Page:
Dead Swing. Power Swing. Hike-Swing-Park. “Rif” Swing. Whatever you choose to call it, this single repetition kettlebell swing should be in your training toolbox. It’s equally fantastic as a corrective drill, a teaching tool for a great KB swing start, a method to develop max power for each rep of a swing, and an evil training technique.
The principle offers endless possibilities. One or two hands. Swings, cleans or snatches. However you choose to challenge yourself and your students, it is unforgiving of form faults and quickly highlights opportunities to plug power leakages.
Fixing a Hinge Challenge
I came up with the Dead Swing during a one-day course back in 2011. A student was having a very hard time getting back into a proper hinge position after the initial repetition’s kettlebell hike. He had no problem assuming the proper body position but would not re-load the hips after that first rep; instead reverting to shallow hinges or “mini” swings.
Mini swings are very upright, low force swings, often practiced by tentative beginners looking to “protect their back.” Because they haven’t yet learned, let alone felt, that all the power comes from the hips, not the spine, they try to escape hinging powerfully.
Usual correctives did nothing for this gentleman. But since he could do the first rep correctly, I asked him to repeat his successful first swings—replacing the bell back on the ground between each rep, BUT NOT STAND UP. Instead, he was to stay in the hike position, hands on the bell, hips loaded, and shoulders packed. On my command, he would hike, swing, and park a single rep.
No problem. So I had him do two single rep swings followed by two continuous swings, focusing on re-hinging the hips. It worked! He learned by gaining confidence and feeling a good loaded hip position. No more mini swings.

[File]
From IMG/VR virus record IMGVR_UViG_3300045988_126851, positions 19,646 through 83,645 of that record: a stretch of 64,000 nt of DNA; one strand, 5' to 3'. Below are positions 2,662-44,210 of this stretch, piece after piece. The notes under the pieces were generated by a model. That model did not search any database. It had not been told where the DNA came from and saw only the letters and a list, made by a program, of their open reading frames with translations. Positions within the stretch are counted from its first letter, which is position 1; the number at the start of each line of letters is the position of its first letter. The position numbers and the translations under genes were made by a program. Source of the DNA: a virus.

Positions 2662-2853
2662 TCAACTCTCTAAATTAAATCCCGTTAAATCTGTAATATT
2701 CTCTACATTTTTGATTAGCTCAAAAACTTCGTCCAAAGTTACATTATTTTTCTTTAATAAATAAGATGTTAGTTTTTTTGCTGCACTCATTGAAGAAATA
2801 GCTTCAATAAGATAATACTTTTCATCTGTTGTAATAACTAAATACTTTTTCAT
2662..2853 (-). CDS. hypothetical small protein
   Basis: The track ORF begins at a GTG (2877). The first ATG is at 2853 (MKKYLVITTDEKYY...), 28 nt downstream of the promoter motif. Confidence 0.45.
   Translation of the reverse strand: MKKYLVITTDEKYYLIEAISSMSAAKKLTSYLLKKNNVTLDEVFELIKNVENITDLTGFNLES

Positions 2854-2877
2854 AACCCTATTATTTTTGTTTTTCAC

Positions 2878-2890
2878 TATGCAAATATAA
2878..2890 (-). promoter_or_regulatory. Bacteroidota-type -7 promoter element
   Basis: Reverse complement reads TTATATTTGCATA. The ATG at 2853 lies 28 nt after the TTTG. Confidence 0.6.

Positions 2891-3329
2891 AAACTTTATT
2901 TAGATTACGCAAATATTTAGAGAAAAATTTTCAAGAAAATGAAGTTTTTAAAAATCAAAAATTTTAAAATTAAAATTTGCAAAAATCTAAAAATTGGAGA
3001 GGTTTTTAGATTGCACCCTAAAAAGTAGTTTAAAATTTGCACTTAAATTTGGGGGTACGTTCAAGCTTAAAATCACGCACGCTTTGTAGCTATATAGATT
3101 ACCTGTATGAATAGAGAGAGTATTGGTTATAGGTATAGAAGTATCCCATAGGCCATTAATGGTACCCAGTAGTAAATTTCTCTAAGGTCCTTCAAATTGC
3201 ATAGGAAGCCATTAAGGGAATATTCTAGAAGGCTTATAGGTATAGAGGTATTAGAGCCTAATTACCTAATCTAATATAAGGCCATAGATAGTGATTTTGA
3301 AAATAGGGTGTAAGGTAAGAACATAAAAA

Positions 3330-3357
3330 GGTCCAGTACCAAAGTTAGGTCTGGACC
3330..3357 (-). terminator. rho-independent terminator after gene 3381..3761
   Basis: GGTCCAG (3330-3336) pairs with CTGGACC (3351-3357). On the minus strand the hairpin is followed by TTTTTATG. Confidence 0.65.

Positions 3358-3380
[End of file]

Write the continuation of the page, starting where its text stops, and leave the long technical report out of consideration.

He’s wasn’t the only one to benefit from this surprisingly simple, yet effective drill. But it wasn’t until my wife Tracy incorporated it into her swing classes that we realized how potent a training tool it was.
A Potent Training Tool
Tracy, of course, is known for her amazing swing training, emphasizing very high volume work. She immediately recognized that single rep swings were much harder than continuous swing work. She dubbed the drill “Hike-Swing-Park,” as those were her cueing instructions.
Having read a lot of kettlebell literature, I had never seen this variation before. I asked Pavel for his take on it, including Tracy’s video demonstrating the drill. Talk about back in the day. As always, his feedback was invaluable:
“I like the powerlifting mentality of making the first rep perfect and the constant drilling of properly picking up the bell, setting it down, and reloading the hips.
I would still mix this drill with sets of higher reps when teaching for fluidity. This variation has got to be very tough because the kinetic energy has dissipated (at least 35% more energy required, according to Supertraining), so I anticipate effective specialized variety workouts for any level of practitioner.“
Pavel’s observation that the drill required 35% + more energy felt right on target, especially when using it for sets and reps. I felt my spinal erectors and hips working hard; even more when done in conjunction with regular ballistic swing/snatch work. Single arm practice also rooted out weak lat involvement in the hike quite effectively. A brutal drill across the board!